What to Do and Expect When Stopped by Law Enforcement
Law enforcement officers conduct traffic stops because they observe a traffic violation or are conducting a police investigation. Being stopped by a law enforcement officer can be a stressful experience but knowing what to do during the stop will help ensure your safety, the safety of other motorists, and the safety of the officer.*Law enforcement officers, drivers and passengers should respond with courtesy during traffic stops and other officer/citizen interactions.
When you see emergency lights behind you:
- Stay calm, activate your turn signal, and pull off or to the right side of the roadway as soon and safely as possible.
- Turn off the ignition and radio, and stay in your vehicle unless directed by the officer to exit.
- Keep your hands on the steering wheel so they are easily observable.
- Ask your passengers to remain calm and to stay in the vehicle while keeping their hands in plain view as well.
- Give the officer your full attention.
- Do not make sudden moves or search for your driver’s license or vehicle documents – wait for the officer to give you instructions. If you have a weapon(s) in the vehicle, inform the officer upon first contact.
- If it’s nighttime, the officer may direct a spotlight at your vehicle once stopped. To assist with visibility, turn on your interior lights as soon as you stop to help the officer see inside your vehicle.
The officer will explain why they stopped you and may ask you questions about your trip. If the officer isn’t in uniform they will show you their law enforcement credentials or you may ask to see them. Follow all instructions the officer gives you or your passengers. *During a traffic stop, the driver and any passengers are subjected to an investigative detention, which can only last for a reasonable amount of time. The officer may ask to see your driver’s license, proof of insurance, and vehicle registration. If the documents are out of your reach, tell the officer where they are before you reach for them. If you have questions, politely ask for clarification. If the officer asks you to exit the vehicle, stay safely away from traffic and keep your hands in plain view.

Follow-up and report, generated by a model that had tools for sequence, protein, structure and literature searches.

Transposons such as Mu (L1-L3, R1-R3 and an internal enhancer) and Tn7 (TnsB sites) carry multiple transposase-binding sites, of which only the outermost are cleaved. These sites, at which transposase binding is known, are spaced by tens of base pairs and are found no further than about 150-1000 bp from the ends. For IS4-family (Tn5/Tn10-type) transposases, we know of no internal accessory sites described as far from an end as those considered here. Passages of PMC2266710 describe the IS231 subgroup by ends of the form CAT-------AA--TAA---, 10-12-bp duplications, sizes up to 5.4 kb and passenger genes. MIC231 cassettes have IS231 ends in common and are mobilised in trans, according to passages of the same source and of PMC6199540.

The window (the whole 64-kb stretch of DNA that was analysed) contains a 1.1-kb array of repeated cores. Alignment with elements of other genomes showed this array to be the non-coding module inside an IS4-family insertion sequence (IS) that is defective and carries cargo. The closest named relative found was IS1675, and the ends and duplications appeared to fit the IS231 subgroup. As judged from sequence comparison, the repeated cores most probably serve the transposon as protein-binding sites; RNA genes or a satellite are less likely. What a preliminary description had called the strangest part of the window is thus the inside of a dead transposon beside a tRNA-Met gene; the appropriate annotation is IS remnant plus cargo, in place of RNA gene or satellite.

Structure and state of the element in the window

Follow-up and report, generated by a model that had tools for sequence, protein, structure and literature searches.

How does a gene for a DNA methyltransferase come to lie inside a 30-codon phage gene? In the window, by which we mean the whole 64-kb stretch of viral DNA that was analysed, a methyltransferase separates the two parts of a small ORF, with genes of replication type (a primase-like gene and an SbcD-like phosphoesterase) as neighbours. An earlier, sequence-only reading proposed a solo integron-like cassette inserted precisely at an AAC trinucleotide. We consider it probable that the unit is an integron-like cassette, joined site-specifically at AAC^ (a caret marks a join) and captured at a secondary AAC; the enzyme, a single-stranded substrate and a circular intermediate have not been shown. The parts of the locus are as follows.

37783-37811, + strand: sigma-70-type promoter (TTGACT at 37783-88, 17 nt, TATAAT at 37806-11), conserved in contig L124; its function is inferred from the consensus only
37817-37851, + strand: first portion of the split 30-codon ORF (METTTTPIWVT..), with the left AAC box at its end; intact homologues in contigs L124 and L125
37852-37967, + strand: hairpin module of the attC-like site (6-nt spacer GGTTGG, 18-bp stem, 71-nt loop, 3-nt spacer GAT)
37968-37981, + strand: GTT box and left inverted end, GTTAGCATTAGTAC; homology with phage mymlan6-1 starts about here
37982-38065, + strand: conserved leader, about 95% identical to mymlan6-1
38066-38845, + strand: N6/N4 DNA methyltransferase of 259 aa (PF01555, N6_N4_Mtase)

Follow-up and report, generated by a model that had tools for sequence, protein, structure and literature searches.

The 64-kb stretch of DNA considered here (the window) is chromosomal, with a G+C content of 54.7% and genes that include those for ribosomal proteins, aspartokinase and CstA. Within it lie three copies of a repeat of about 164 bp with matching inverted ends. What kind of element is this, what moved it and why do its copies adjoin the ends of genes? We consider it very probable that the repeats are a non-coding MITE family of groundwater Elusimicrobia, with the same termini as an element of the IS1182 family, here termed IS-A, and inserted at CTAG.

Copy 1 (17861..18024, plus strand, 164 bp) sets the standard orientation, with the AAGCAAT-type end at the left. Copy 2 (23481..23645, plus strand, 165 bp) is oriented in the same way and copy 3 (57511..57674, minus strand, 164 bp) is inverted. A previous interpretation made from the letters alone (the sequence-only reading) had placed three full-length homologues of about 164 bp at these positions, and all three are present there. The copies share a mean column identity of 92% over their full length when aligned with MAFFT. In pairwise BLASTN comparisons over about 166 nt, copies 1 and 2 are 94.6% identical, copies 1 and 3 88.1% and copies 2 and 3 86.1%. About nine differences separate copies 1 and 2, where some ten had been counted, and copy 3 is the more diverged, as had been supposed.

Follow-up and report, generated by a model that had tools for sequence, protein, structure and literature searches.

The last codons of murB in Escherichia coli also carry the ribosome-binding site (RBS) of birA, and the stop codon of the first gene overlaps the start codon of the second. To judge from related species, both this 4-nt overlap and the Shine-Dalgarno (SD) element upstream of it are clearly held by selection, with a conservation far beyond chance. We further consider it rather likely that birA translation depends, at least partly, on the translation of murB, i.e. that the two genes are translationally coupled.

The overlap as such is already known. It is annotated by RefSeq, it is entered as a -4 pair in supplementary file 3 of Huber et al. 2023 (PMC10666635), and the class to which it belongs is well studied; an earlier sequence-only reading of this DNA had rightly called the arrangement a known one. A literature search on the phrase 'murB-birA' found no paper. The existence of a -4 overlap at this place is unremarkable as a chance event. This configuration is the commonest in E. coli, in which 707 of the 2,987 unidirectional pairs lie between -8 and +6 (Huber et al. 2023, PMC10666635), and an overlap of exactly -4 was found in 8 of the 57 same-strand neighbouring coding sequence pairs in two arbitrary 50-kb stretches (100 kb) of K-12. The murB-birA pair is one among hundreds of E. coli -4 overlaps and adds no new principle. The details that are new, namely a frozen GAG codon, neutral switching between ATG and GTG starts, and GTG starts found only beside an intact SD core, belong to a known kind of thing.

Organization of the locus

Law enforcement may also ask for consent to search your vehicle or person. You may grant or deny the request to search; however, if an officer has probable cause to believe that your vehicle contains evidence of a crime, it can be searched without your consent. If an officer reasonably believes that you have a weapon, the officer can conduct a pat down search of your person and the immediate area around you, including areas of your vehicle.
When the officer completes their interaction with you they may issue a warning or a traffic ticket which may include a fine. The officer will typically explain whatever action is being taken. If you have questions, respectfully ask the officer to clarify. If you disagree with the officer’s decision to issue a traffic ticket, don’t prolong the contact by arguing with the officer. If you wish to contest the ticket, you will have the opportunity to explain your point of view of what happened in court. Your acceptance and signature on a traffic ticket is not an admission of guilt, however, the refusal to sign a traffic ticket may result in your arrest.
If you believe the officer acted inappropriately, you should:
- Document the officer’s behavior and report it to the officer’s agency in a timely manner. (The name of the officer and law enforcement agency will be on the ticket or you may ask the officer to provide this information).
- The officer’s agency can be contacted via telephone, mail, or email if available.
- All complaints should be addressed to a supervisory officer.
If you believe your civil rights are being or have been violated, you should:
- Advise the officer that you request a supervisor to respond to the location (understanding that a supervisor may not always be available).
- You should also, in a timely manner, contact the officer’s agency as noted above and request to speak to a supervisor and/or the agency’s Title VI (6) (Civil Rights Act) coordinator. The supervisor or Title VI coordinator is required to assist you with the grievance process.
The enforcement of traffic laws is an effective tool in changing unsafe driving behavior and reducing crashes. If you receive a warning or a ticket for a traffic violation, its purpose is to deter illegal and/or unsafe behavior. Good communication from all parties can make a traffic stop a safe experience for everyone involved.
This guidance was approved by the AAMVA Driver and Law Enforcement Standing Committees, and by the International Association of Chiefs of Police.
*This content was provided by Oklahoma Department of Public Safety
Addendum to Oklahoma Driver Manual January 2014 Edition
Our Mission Statement
Working to provide a safe, secure environment for the public through courteous, quality and professional services.